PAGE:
When you have to deliver bad news to a person, the processes you use are at least as important as the decision you have made.
The car manufacturing industry in my home town of Melbourne, Australia is in the process of ceasing manufacture and moving to an importing business. Over the next few years, thousands of jobs will be lost or transformed. Progress and change are inevitable and the transition has been reluctantly accepted by most people. However a few weeks ago, when the first major round of layoffs were occurring at one of the manufacturers, I was really surprised to hear the local trade union representative complimenting the factory management on the way they had handled the decision as to who should go now, who had a job for a few more months and who would be relocated into the new import business.
The key factor was not the decision—no one like being retrenched—or even the fairness of the choices between who goes and who stays; the key was the empathy and consideration shown to each of the laid off workers by their management, and the fact the management team, most of whom would be losing their jobs as well, had taken the time to speak with each worker and appreciate their input to the business over many years.
By applying process fairness and giving everyone an change to be heard, what could have been a very angry and disruptive event was transformed into a ‘wake’, remembering the good times and the contributions made by the industry. It was obviously still a sad and stressful time but far less so than may otherwise have been.
Process fairness is quite distinct from outcome fairness. Outcome fairness refers to judgements made about the final outcome; in this case it is patently unfair to lose your job after 20 or 30 years due to a combination of factors largely outside of anyone’s control.
Process fairness is aligned with the concepts of procedural fairness and natural justice and particularly applies to decisions affecting the team leader/team member (or manager/employee) relationship. Broadly speaking, there are three intertwined components of process fairness.
- How much input the team member believes they have in the decision-making process: Are their opinions requested and given serious consideration?
- How team members believe decisions are made and implemented: Are they consistent? Are they based on accurate information? Can mistakes be corrected? Are the personal biases of the decision-maker minimised? Is ample advance notice given? Is the decision process transparent?
- How managers behave: Do they explain why a decision was made? Do they treat employees respectfully, actively listening to their concerns and empathising with their points of view?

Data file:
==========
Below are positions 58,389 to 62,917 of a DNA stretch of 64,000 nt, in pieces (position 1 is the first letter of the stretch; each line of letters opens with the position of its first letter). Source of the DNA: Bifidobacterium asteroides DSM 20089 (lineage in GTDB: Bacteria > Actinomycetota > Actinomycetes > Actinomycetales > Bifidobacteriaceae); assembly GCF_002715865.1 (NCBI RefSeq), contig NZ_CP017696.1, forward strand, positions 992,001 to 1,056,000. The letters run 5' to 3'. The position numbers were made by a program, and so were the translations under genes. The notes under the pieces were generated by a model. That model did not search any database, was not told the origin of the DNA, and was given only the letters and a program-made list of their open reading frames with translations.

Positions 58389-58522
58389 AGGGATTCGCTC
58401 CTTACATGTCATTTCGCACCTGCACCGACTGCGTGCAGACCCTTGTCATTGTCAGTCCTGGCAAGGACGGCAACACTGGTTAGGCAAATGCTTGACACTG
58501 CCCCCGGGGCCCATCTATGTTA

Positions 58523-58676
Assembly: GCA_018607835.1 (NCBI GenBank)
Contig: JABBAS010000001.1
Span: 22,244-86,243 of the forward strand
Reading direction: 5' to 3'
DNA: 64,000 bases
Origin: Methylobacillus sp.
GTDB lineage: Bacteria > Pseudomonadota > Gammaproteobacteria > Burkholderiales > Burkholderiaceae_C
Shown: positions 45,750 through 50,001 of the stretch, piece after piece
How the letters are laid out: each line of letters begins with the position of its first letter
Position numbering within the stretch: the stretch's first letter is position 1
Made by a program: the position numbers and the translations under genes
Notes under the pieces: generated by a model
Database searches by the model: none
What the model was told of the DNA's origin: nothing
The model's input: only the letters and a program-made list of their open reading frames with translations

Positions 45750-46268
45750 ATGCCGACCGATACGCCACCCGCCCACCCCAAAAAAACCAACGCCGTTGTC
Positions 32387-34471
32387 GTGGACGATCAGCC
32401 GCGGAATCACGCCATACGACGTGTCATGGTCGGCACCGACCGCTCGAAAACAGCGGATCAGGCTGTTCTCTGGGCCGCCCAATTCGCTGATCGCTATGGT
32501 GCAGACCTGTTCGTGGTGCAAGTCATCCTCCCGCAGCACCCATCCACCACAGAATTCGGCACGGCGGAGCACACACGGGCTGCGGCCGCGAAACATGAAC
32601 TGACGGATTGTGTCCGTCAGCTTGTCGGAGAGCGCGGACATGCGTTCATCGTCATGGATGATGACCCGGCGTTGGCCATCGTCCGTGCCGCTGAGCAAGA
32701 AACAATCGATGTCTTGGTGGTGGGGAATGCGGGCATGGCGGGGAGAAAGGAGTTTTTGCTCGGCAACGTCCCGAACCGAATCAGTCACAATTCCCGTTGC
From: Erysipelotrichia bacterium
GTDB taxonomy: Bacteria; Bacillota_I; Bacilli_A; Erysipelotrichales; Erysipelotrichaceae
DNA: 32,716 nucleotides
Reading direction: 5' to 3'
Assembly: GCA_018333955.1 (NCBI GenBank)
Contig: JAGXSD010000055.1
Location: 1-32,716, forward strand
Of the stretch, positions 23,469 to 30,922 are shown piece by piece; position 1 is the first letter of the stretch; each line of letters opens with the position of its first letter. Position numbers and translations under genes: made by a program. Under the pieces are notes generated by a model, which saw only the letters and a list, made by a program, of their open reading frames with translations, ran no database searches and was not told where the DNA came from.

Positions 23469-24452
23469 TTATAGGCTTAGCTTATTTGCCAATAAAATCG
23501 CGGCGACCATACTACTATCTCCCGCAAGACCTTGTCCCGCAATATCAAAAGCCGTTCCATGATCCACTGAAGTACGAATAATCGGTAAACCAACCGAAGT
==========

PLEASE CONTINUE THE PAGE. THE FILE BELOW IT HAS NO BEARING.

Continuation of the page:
Process fairness makes a big difference! A study of nearly 1,000 people, led by Allan Lind and Jerald Greenberg, found that a major determinant of whether employees sue for wrongful termination is their perception of how fairly the termination process was carried out. Only 1% of ex-employees who felt that they were treated with a high degree of process fairness filed a wrongful termination lawsuit versus 17% of those who believed they were treated with a low degree of process fairness. Similar results can be found for patients suing doctors and customers suing businesses.
Process fairness doesn’t ensure that the team members will always get what they want; or that the final decision is ‘fair’, but it does ensure that they will have a chance to be heard. Rather it is concerned with the procedures used by a decision-maker, however, it is highly likely that a decision-maker who follows a fair process will reach a fair and correct decision.
Fairness demands that the affected person (or people) are told about the impending decision and are given the chance to reply before a decision that negatively affects their existing interest or legitimate expectations is made. Put simply, hearing both sides of the story is critical to good decision-making. You get a better decision and happier team members.
There are six rules that apply to procedural justice (or natural justice), that equally affect procedural fairness:
- bias suppression
Process fairness in the workplace and in communication, simply requires things to be fair to everyone; when something is applied it has to be applied to everyone and procedures need to be consistent with the moral and ethical values.
So next time you have to make a decision that will affect your team, rather than trying to make the best decision on your own, tell the people about the decision and the reasons it needs to be made, ask for their input and take the time to listen, and then once you have reached your decision explain the reasons clearly and leave space for feedback, particularly from anyone the decision affects negatively. You may be surprised by the support you get.